Serbia May Hold Rates to Weigh Impact of Europe’s Debt Crisis
Serbia’s central bank will probably leave its benchmark interest rate unchanged tomorrow as policy makers bide time to assess the impact of the European debt crisis on the Balkan economy.
The Narodna Banka Srbije’s two-week repurchase rate will remain at 10 percent, according to 13 of 23 economists in a Bloomberg survey. Seven predicted a quarter-point reduction and three saw a half-point cut. The bank is due to announce its decision at about noon in Belgrade.
“The signals are quite contradictory,” said Dusko Vasiljevic of the CEVES economics research institute in Belgrade, who sees no change. “Inflation and the economy are slowing, which means they should cut fast. On the other hand, the risk of capital flight may require a hike, so they are best off if they hold the rate.”
Central banks in eastern Europe are weighing faltering growth prospects against weaker currencies after tightening policy earlier this year.
Monetary authorities in Poland today left the seven-day rate unchanged for a fifth meeting at 4.5 percent, while Hungary raised borrowing costs by 50 basis points to 6.5 percent on Nov. 29 to stem declines in the forint. The Czechs have left the benchmark two-week repurchase rate at 0.75 percent since May 2010 and said yesterday the next rate move may be in any direction depending on inflation risks.
The Serbian central bank has “a strong reason for a significant cut” based on cumulative inflation from May to October, which stood at an annualized 2.4 percent, said Jasna Atanasijevic, chief economist at the Serb unit of Austria’s Hypo-Alpe-Adria.
Inflation slowed to 8.7 percent in October from a peak of 14.7 percent in April, outside the target rate of 4.5 percent plus or minus 1.5 percentage points for the end of the year, and 4 percent, plus or minus 1.5 percentage points, at end-2012. The Belgrade-based central bank says inflation may return to its target in the first quarter of 2012.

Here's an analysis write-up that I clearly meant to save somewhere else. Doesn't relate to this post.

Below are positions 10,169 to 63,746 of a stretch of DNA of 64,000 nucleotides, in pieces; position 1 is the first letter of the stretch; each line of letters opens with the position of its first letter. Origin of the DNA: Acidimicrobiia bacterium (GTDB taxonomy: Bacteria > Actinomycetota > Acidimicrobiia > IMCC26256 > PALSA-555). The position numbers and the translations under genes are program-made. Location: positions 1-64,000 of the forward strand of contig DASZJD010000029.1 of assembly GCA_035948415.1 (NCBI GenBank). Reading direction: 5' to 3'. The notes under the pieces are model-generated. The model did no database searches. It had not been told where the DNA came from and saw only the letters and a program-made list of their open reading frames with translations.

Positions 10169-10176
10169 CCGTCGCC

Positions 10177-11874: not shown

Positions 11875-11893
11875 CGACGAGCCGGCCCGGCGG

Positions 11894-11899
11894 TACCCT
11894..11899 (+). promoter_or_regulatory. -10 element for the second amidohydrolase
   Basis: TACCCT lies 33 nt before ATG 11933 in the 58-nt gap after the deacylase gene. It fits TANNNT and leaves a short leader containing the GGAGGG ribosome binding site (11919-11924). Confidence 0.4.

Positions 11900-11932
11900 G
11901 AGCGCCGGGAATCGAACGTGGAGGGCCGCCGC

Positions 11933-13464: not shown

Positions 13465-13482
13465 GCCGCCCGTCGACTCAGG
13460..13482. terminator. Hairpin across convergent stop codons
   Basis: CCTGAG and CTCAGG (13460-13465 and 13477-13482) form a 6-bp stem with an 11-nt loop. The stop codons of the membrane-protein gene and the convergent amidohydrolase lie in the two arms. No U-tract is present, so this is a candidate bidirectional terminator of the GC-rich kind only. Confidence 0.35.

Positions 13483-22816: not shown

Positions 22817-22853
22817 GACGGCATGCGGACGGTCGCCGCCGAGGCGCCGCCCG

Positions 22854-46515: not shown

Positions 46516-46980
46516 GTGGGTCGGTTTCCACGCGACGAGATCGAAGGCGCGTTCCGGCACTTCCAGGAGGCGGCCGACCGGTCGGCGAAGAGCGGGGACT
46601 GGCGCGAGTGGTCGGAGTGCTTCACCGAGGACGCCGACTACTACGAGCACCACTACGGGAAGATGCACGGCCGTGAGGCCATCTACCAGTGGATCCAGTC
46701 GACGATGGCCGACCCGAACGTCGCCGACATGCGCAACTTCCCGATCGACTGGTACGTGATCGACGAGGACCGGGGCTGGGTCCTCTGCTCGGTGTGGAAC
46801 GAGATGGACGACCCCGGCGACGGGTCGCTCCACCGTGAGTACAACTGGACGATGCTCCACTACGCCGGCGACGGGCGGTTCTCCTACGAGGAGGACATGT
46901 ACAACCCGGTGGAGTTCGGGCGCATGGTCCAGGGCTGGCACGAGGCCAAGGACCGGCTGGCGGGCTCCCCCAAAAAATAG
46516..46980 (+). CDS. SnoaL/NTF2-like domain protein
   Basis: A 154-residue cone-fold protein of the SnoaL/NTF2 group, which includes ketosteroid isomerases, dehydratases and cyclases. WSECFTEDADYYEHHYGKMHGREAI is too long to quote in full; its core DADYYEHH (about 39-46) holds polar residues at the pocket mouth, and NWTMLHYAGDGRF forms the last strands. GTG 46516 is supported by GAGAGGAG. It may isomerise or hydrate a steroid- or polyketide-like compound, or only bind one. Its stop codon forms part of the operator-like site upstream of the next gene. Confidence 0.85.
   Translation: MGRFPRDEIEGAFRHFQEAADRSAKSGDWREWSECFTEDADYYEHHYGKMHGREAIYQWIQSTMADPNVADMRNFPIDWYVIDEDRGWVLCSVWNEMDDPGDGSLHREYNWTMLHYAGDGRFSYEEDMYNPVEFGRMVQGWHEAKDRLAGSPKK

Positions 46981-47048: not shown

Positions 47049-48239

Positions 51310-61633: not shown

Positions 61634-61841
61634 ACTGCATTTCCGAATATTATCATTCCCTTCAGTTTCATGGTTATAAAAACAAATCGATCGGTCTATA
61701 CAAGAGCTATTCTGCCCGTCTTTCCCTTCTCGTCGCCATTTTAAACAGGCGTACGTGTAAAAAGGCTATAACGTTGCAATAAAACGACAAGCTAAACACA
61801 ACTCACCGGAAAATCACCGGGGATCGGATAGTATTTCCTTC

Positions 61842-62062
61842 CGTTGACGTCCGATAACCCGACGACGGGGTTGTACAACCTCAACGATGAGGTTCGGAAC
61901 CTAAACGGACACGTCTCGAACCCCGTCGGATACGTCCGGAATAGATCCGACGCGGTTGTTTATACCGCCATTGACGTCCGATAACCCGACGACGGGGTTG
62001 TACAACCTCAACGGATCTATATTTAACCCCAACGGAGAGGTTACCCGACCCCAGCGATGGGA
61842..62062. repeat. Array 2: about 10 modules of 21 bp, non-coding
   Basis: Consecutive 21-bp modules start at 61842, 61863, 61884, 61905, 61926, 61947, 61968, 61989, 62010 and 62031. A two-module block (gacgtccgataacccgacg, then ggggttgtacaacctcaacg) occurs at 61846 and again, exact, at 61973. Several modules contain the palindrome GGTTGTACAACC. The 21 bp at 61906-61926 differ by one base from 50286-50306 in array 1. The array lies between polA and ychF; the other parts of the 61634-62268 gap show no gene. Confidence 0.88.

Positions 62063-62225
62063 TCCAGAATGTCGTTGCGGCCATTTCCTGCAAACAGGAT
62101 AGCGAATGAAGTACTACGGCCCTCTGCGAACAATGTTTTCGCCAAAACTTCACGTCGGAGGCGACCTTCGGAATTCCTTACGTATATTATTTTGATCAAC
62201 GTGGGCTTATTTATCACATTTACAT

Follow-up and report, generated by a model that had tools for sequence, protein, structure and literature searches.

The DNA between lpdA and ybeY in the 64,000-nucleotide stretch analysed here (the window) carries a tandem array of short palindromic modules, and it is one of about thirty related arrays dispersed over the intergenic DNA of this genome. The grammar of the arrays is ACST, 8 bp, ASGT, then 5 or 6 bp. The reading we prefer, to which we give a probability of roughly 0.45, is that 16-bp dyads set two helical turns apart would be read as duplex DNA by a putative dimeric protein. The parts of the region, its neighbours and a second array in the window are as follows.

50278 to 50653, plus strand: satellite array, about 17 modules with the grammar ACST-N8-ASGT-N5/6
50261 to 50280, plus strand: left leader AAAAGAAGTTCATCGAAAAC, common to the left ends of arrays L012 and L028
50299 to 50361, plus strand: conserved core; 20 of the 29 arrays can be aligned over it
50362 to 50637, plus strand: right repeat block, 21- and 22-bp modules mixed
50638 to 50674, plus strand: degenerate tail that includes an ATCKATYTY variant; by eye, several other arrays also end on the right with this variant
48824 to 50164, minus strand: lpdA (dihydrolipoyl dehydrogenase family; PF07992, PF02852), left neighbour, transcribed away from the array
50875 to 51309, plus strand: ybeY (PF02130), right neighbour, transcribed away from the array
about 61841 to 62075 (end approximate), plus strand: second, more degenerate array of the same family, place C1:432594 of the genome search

“A cut would be justified in the context of their monetary policy framework and the models they refer to, because moves in the rate target inflation one year from now,” Atanasijevic said. A deepening of the Europe’s debt crisis and an excessive rate move may trigger capital flight, putting pressure on the dinar and fuelling inflation, he said.
The market sees the dinar ending the year at 103.5 to the euro, marking a 1.9 percent full-year gain, according to a Bloomberg survey. It traded at 103.12 to the common currency at 2:14 p.m. in Belgrade.
Capital Flight Risk
The main capital flight-related risk stems from the central bank’s outstanding repo stock, where banks have parked 111.92 billion dinars ($1.45 billion) in two-week maturities, said Atanasijevic.
The Belgrade-based National Bank of Serbia last cut its main rate by 75 basis points to 10 percent Nov. 10 on concern Europe’s debt crisis may sour the economic-growth outlook. Serbia’s economy is forecast to grow 1.5 percent this year, down from an original estimate of 3 percent.
The economy expanded 0.7 percent in the third quarter from a year ago, according to a flash estimate by the Statistics Office on Oct. 31, down from 2.4 percent in the previous three- month period.
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